we have to ask is the use of force to be legitimized.
Relying on the U.N. Security Council for approval is
quite unsatisfactory as the different cases of Kosovo
and Iraq have demonstrated.
Dick Cheney surely isn’t the only one to wonder
why international legitimacy for using force requires
the ascent of such disparate countries as China, Russia,
Britain and France. Yet at the same time a unilateral
decision to launch a war against another country, even
if in the name of enforcing the will of the international
community, is equally unsatisfactory as the case of
So a different basis of legitimacy, one that is neither
unilateral nor necessarily U.N.-based will have to be
developed. Finding this new basis will take intensive
effort and much discussion. First with our allies in
Europe and elsewhere and ultimately with major nations
across the globe. An international discussion must be
started with great urgency.
Kofi Annan (ph.) has appointed an international panel
of experts to examine this question already. But Washington
should commence and we all should commence a discussion
of our own aimed at finding answers to such important
questions as under what circumstances is the use of
preemptive force to be justified? Who must be involved
in determining the existence of these circumstances?
Who should decide that the use of force in these instances
is in fact justified? And who must participate not only
in the decision but in its implementation?
An international dialog at finding appropriate answers
underscores that the question of preemption is not primarily
one of now or never but more of when, how and by whom.
SB: Thank you Ivo. Clyde.
CP: Sandy, thank you very much. Thank
you very much. My theme in “Rogue Nation”
and in the speeches I’ve been making around the
country and around the world is essentially that the
United States is not in fact a rogue nation. It’s
well intended. But that unilateralism is undermining
the power and effect of our good intentions. In fact,
actually the guy who made my argument best was candidate
George W. Bush.
You may remember in — I forget which debate
it was but one of the debates — he made this very
interesting statement. “If we are a humble nation
they will respect us. If we are arrogant they will react
against us”. Absolutely right. Powerful as we
are as a country in an age of globalization, in an age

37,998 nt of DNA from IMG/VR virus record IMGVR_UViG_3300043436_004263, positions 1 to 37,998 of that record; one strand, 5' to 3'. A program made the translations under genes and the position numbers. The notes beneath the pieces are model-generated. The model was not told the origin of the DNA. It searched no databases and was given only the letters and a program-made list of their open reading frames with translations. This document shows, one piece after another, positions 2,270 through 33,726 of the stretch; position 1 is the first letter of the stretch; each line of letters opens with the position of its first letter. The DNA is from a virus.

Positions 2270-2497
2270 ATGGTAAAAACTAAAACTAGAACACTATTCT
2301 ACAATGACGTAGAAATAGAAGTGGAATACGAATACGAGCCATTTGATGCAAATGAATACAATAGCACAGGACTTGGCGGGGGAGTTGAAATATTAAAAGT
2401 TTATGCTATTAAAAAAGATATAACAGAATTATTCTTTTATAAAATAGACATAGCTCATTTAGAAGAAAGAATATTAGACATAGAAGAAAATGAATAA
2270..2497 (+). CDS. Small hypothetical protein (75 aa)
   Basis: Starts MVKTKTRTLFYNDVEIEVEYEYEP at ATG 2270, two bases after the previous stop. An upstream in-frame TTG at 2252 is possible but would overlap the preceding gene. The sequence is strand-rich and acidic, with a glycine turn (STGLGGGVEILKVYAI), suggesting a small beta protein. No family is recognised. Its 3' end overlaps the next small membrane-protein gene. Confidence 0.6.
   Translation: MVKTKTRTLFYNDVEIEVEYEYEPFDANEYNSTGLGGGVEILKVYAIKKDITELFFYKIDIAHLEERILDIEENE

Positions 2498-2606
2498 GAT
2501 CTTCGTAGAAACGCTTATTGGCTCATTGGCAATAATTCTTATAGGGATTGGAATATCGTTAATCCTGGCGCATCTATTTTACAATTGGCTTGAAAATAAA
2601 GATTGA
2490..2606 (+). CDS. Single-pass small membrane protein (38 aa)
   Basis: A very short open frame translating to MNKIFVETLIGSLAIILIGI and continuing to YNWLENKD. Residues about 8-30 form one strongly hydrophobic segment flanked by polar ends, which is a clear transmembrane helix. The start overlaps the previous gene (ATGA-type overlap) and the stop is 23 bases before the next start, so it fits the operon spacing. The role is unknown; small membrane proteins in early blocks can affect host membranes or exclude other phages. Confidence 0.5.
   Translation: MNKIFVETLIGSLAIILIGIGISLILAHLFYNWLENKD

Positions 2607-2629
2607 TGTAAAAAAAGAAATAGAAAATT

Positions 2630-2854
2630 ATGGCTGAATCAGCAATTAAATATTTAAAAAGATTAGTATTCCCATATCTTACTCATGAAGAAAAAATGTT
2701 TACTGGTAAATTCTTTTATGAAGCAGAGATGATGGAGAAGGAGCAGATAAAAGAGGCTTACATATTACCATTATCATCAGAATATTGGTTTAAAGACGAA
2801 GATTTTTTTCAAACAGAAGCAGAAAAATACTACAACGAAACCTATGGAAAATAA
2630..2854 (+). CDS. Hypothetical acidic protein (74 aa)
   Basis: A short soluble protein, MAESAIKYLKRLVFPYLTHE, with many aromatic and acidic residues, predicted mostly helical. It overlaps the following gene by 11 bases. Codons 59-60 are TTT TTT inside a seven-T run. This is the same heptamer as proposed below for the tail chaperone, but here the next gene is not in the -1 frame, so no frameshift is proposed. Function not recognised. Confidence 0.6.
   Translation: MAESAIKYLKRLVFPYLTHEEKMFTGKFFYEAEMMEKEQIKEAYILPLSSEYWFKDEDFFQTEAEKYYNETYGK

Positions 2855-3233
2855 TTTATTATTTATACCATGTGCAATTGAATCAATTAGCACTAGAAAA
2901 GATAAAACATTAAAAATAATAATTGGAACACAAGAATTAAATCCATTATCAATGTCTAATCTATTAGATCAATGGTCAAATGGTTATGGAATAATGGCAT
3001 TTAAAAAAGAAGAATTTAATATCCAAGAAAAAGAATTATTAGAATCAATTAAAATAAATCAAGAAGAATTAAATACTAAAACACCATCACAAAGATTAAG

of interdependence driven by technologically-driven
shrinkage of time and distance, we cannot achieve our
own objectives, we cannot maximize our own security,
and we cannot maximize our own economic growth and welfare
without friends, without allies, without people who
are willing to cooperate with us.
The cost of unilateralism is enormous not just in
terms of international security, not just in terms of
lives, but also in terms of economic growth, in terms
of treasure, in terms of the soft power that has been
the hallmark of American influence in the world. I was
struck last week when President Bush made his tour of
Asia going out to the APEC leaders meeting in Bangkok
and then on to Australia. What struck me was the contrast
between the President’s trip and that of President
of China, Hugen Tao.
You remember that at the beginning of this administration
a comment was made that China is not a strategic partner
of the United States. It’s a strategic competitor.
Now actually one of the silver linings of 9-11 has been
that that attitude seems to have changed at least for
the moment. But what struck me about last week was the
extent to which China has assumed the American role.
Bush went out and stopped for two hours in each of
the capitals along the way, isolated from the public.
Talked narrowly about security, about terrorism, pushed
an American agenda focused on the war on terror. Hugen
Tao went out and talked about we want to invest in you.
Let’s do free trade. In fact I was really struck
by the fact that APEC was an American creation, the